"Then she said to me, 'Ansel, it is really tempting to make a decision without doing your homework, without knowing the consequences.' Then she looked right at me and used the same tone I use with my students when they don't do their homework. 'Did you look carefully at the papers I left with you?' she said to me. And I hadn't looked at them except to read the titles. She told me, 'Not all of them supported your position.' Some of the papers talked about the environmental cost of small town decay. Then she told me what would happen if our town loses its ecomonic base—the environment will suffer. The trees in the glen may go right on growing but other very bad things could happen. What if the Pha family has to close the dry cleaners? Do you think that all the chemicals in that building would end up in a toxic waste dump? No, they'd probably go out with the evening trash, find their way to a landfill and perhaps into the ground water. Charlotte, what am I going to do?"
Charlotte started to speak. But Ansel was already talking again. "Oh, and then she told me why she was marrying Doc. 'How can I marry Doc and help you?' she said to me, 'I am marrying Doc because we have loved each other from a distance for a very long time. I help you because you are important to this town—too important to make difficult decisions without looking at the big picture.' And then she just looked at me. She thinks I'm wrong and she's just too polite to say so." Ansel turned and looked at the pastor. She waited for him to continue. Then she asked him, "What happened when you read the material she left for you?"
Ansel ignored the question and kept telling his story. "Before I read her material, I was at the wedding. As I watched Hazel marry Doc, I decided to make an appointment to talk with you. I still don't trust Louis Walsh [the mayor], but I trust Doc and I trust Hazel. They have given themselves for this community. I still think that the housing project is bad for the environment. But I just can't bring myself to say that Doc and Hazel are immoral people for what they are doing. I still can't stand the idea of turning our little village into some kind of suburb. And I can't bear to think of a Starbuck's coffee place on the corner." He shuddered for effect.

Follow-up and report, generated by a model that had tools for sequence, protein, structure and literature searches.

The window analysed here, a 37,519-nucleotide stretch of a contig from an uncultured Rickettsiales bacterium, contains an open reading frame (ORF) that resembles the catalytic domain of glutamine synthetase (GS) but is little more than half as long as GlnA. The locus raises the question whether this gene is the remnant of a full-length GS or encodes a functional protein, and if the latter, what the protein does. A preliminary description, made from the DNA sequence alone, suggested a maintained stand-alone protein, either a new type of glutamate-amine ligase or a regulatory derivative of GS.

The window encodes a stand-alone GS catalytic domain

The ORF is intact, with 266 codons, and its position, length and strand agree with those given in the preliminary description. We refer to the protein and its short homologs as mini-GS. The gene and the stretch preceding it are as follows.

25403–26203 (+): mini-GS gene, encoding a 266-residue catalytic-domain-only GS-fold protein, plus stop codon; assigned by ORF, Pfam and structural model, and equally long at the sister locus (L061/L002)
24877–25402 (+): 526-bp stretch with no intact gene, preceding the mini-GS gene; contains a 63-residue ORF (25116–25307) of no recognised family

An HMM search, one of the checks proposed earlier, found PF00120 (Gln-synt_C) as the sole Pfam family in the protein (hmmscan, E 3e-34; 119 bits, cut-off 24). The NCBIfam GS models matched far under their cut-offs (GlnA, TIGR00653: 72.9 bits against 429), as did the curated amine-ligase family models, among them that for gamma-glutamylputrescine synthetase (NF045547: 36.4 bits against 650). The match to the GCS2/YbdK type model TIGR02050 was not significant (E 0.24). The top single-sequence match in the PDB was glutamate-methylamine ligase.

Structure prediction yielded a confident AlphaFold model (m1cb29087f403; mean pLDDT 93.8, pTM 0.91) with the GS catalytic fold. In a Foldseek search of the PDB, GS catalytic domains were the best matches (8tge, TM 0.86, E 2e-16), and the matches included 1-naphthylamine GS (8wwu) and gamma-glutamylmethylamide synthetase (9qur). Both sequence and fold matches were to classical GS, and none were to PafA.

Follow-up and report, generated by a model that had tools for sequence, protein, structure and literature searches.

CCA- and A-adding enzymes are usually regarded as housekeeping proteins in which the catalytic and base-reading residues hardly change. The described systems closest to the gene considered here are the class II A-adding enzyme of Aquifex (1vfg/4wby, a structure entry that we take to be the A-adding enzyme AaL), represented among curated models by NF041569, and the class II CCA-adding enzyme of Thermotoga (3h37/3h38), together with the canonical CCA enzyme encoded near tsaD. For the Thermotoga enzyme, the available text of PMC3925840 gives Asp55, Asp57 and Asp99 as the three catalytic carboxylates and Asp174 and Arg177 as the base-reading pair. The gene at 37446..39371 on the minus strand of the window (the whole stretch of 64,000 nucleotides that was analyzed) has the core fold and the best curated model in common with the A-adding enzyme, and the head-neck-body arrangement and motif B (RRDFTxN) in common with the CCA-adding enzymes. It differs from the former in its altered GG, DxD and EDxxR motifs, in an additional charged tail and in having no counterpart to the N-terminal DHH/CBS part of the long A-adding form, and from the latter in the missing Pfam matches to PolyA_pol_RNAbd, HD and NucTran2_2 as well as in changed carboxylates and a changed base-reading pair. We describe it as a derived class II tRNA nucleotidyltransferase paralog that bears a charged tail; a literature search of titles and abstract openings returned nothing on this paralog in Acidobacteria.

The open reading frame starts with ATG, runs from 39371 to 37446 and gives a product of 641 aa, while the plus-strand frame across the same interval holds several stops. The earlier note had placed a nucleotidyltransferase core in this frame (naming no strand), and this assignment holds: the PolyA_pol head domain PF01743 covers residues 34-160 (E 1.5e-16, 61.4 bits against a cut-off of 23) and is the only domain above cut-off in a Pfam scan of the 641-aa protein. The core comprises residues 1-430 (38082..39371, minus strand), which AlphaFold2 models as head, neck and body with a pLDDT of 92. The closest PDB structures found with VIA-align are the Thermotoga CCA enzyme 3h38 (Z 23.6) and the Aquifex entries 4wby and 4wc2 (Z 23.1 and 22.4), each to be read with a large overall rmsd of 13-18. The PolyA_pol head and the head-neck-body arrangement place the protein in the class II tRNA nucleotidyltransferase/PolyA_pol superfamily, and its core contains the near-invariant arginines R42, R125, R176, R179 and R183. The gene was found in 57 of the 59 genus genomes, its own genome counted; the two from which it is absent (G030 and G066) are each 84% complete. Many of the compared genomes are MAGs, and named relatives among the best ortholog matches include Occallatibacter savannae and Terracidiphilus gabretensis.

"But I understand the problem," Ansel continued, "I have a student who I know isn't eating right. I invented a special science award for him so that he gets to eat breakfasts and lunches at school for free all Spring semester. But that's only the tip of the iceberg. And I know it." And then Ansel plopped down into the chair. Charlotte finally got to speak.
"It sounds like you want to provide a way to allow the town to prosper without having to sacrifice your loyalty to the environment," Charlotte said. "Yeah," was Ansel's only reply. "And it sounds like you are worried that doing the right thing is going to take away the very things that you love most about this town—the isolation and the unhurried life," she said. "Yeah, and I feel so selfish," he said, "But it's important to me."
"Well, it's OK to feel what you're feeling." she replied, wincing internally at the cliche. "You came to Almond Springs for a very good reason: to get away from the city. And now you find that you may have to give up something that is important to you for an even bigger reason. And you're too honest a person to hide from your obligations. Do you think that you're a bit angry and afraid of what the future might hold?"
"Pastor," Ansel said after a few moments, "I am sitting here thinking that I know what I have to do and I am just not sure I am ready to do it yet. Can I come back tomorrow after school? The sun is going down right now. And I want to take a walk on the glen. I'm going to need your help knowing how to proceed once I decide I am ready to do what I have to do."
"I'll see you tomorrow Ansel," Charlotte said. And then he left.